Specificity of the real-amp method
Clinical sputum samples were first identificated by VITEK 2 system, and then assessed by real-amp established in this study.
We selected 15 species belong to other genera. The results showed that the Real-Amp assay could effectively differentiate Streptococcus pneumoniae from 15 strains of other non-Streptococcus pneumoniae (Figure 2B-D).
Of the 15 species tested in VITEK 2 system, all samples were confirmed to be negative in the real-amp assay. Figure 2B shows that Acinetobacter baumannii, Streptococcus mitis, Staphylococcus aureus, Klebiella pneumonia and Staphylococcus haemolyticus were confirmed negative by real-amp assay. Figure 2C shows that Mycobacterium avium, Mycobacterium chelonei, Mycobacterium tuberculosis and Legionella pneumophila were confirmed negative by real-amp assay. Figure 2D shows that Pseudomonas aeruginosa, Escherichia coli, Canidia albicans, Candida glabrata, Enterobacter cloacae and Staphylococcus epidermidis confirmed negative by real-amp assay.
Repeatability of the real-amp method
The results showed that the repeatability of the real-amp method is good (Figure 3).
In recent years, molecular biology, especially LAMP, has become the most valuable technology for clinical microbiology diagnosis (10-13). LAMP is an autocycling and strand displacement DNA synthesis method involving the use of the large fragment of Bst DNA polymerase and two pairs of specific inner and outer annular primers designed based on the gene sequence of different purposes. In the LAMP reaction, the design of the inner primer is capable of hybridizing to the DNA region in the target sequence, synthetizing the complementary strand, and producing a type of dumbbell-shaped DNA (14). Then this special structure use itself as a template for DNA synthesis to convert stem-loop DNA, which is the starting configuration of the LAMP cycling reaction. Because the inner primer hybridization in the ring of the stem-loop structure, so after the replacement the primer can produce a gaped stem-loop-like DNA which may be attaching target sequence (15). In the LAMP reaction process, pyrophosphate ions generated from the DNTP may bind to Mg2+ in a reaction solution, and became ivory precipitation magnesium pyrophosphate. The results also can be determined under a naked eye by adding fluorescent dye. LAMP reaction can be processed at a constant temperature by using simple devices with no need for temperature cycle, and its rapid and simple features give it an advantage over PCR (16-18).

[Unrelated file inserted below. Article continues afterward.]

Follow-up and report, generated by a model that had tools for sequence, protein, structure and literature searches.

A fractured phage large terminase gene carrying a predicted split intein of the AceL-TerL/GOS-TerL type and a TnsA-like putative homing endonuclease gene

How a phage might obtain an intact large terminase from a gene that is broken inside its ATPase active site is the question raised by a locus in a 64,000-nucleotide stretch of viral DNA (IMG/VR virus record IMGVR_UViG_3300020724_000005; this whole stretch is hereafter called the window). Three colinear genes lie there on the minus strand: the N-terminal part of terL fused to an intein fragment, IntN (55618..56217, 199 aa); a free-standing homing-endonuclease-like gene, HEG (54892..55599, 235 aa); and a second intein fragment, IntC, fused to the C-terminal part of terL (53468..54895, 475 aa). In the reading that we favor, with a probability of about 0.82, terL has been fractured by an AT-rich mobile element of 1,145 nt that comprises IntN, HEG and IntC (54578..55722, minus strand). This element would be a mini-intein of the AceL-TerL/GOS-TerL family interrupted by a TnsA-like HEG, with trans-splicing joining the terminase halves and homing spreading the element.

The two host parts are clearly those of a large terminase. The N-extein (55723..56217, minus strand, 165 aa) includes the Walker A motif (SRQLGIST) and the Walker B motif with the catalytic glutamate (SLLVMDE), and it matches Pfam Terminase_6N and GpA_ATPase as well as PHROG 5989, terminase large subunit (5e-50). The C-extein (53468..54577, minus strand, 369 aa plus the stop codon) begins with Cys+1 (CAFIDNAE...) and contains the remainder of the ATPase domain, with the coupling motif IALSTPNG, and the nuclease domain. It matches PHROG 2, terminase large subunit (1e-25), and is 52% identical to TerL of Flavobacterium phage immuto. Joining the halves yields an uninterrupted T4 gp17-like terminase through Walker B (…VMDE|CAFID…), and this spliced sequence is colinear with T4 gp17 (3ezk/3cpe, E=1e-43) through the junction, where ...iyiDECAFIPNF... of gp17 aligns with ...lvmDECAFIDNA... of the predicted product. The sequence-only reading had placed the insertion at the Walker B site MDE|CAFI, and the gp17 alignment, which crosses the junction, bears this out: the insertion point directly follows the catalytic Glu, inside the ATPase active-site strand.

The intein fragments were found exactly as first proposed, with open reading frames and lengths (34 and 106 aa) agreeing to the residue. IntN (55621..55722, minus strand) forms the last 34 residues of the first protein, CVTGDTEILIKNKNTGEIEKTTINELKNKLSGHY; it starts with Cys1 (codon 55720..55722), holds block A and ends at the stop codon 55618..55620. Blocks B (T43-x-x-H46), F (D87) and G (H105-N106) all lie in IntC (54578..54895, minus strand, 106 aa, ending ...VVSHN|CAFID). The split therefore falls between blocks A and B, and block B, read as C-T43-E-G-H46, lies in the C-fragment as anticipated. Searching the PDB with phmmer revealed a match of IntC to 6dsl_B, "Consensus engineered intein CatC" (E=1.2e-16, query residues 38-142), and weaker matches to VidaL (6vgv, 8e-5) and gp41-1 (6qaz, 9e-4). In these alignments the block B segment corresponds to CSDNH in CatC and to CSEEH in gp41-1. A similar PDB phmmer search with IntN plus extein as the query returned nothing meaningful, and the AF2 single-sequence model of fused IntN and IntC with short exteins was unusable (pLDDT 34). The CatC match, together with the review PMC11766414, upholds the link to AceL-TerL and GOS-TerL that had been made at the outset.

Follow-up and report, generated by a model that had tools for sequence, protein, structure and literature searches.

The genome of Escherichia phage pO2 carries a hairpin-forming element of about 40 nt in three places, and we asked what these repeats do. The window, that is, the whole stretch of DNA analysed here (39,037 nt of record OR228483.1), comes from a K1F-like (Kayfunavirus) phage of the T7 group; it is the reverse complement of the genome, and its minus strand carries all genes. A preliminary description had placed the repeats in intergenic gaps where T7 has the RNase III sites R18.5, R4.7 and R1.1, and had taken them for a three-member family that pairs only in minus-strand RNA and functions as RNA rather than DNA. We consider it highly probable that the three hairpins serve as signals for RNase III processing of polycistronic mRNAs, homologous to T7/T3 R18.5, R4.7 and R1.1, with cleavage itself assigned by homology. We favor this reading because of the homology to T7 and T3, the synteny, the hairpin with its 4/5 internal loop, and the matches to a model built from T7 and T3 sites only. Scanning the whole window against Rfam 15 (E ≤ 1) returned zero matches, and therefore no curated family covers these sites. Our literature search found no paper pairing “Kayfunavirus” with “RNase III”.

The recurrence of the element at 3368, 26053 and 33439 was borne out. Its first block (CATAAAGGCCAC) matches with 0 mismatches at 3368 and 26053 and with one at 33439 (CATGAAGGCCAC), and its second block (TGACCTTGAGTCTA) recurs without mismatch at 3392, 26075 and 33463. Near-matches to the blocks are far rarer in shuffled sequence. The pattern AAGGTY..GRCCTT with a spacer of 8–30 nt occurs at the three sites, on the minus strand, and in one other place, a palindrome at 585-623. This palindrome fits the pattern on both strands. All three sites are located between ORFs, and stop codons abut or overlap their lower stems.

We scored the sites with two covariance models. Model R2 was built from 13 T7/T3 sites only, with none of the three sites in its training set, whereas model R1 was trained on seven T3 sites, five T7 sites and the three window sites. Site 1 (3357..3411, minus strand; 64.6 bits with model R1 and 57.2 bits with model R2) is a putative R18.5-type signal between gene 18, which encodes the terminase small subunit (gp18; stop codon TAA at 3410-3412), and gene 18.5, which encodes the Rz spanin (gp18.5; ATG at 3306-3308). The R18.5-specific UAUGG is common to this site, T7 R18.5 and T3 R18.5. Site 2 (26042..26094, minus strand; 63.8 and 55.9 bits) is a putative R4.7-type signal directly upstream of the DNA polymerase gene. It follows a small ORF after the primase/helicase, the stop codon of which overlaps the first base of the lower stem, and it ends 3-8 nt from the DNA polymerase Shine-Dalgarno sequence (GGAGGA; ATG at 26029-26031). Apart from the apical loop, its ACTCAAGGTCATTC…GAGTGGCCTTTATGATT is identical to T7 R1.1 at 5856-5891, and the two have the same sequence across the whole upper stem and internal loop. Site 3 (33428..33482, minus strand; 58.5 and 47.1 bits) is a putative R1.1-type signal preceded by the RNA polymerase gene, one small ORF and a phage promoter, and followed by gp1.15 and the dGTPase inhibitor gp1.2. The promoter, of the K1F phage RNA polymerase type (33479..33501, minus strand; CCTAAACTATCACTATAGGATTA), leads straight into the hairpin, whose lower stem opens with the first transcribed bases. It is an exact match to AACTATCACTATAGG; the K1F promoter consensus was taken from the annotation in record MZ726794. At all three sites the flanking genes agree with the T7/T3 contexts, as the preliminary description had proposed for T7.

LAMP is a single tube technique for the amplification of DNA. LAMP is isothermal nucleic acid amplification. Isothermal amplification in general obviates the need for thermal cyclers (10,19,20). Detection of amplification product can be determined via photometry for turbidity caused by an increasing quantity of magnesium pyrophosphate in solution as a byproduct of amplification or with addition of SYBR green, a color change can be seen without equipment. Also in-tube detection of DNA amplification is possible using manganese loaded calcium which starts fluorescing upon compellation of manganese by pyrophosphate during in vitro DNA synthesis (21-23).
LAMP has the potential to be used as a simple screening assay in the field or at the point of care by clinicians (16-18,24). As previously mentioned, LAMP is isothermal which eradicates the need for expensive thermo cyclers used in conventional PCR, it may be a particularly useful method for infectious disease diagnosis in low and middle income countries (10,19,20,25,26).
In a conclusion, LAMP is easy to operate and no need of complex instruments. In conclusion, as a quick and easy detection of Streptococcus pneumoniae, real-time Fluorescence Loop-Mediated Isothermal Amplification was successfully established, laid the foundation for the diagnosis and treatment of Streptococcus pneumonia.
Funding: This study was supported by grants from the Guangzhou Medical University Youth Fund Projects [grant number 2010A26] and the Medical and Health Science and Technology Projects of Guangzhou City [grant number 20131A011157].
Disclosure: The authors declare no conflict of interest.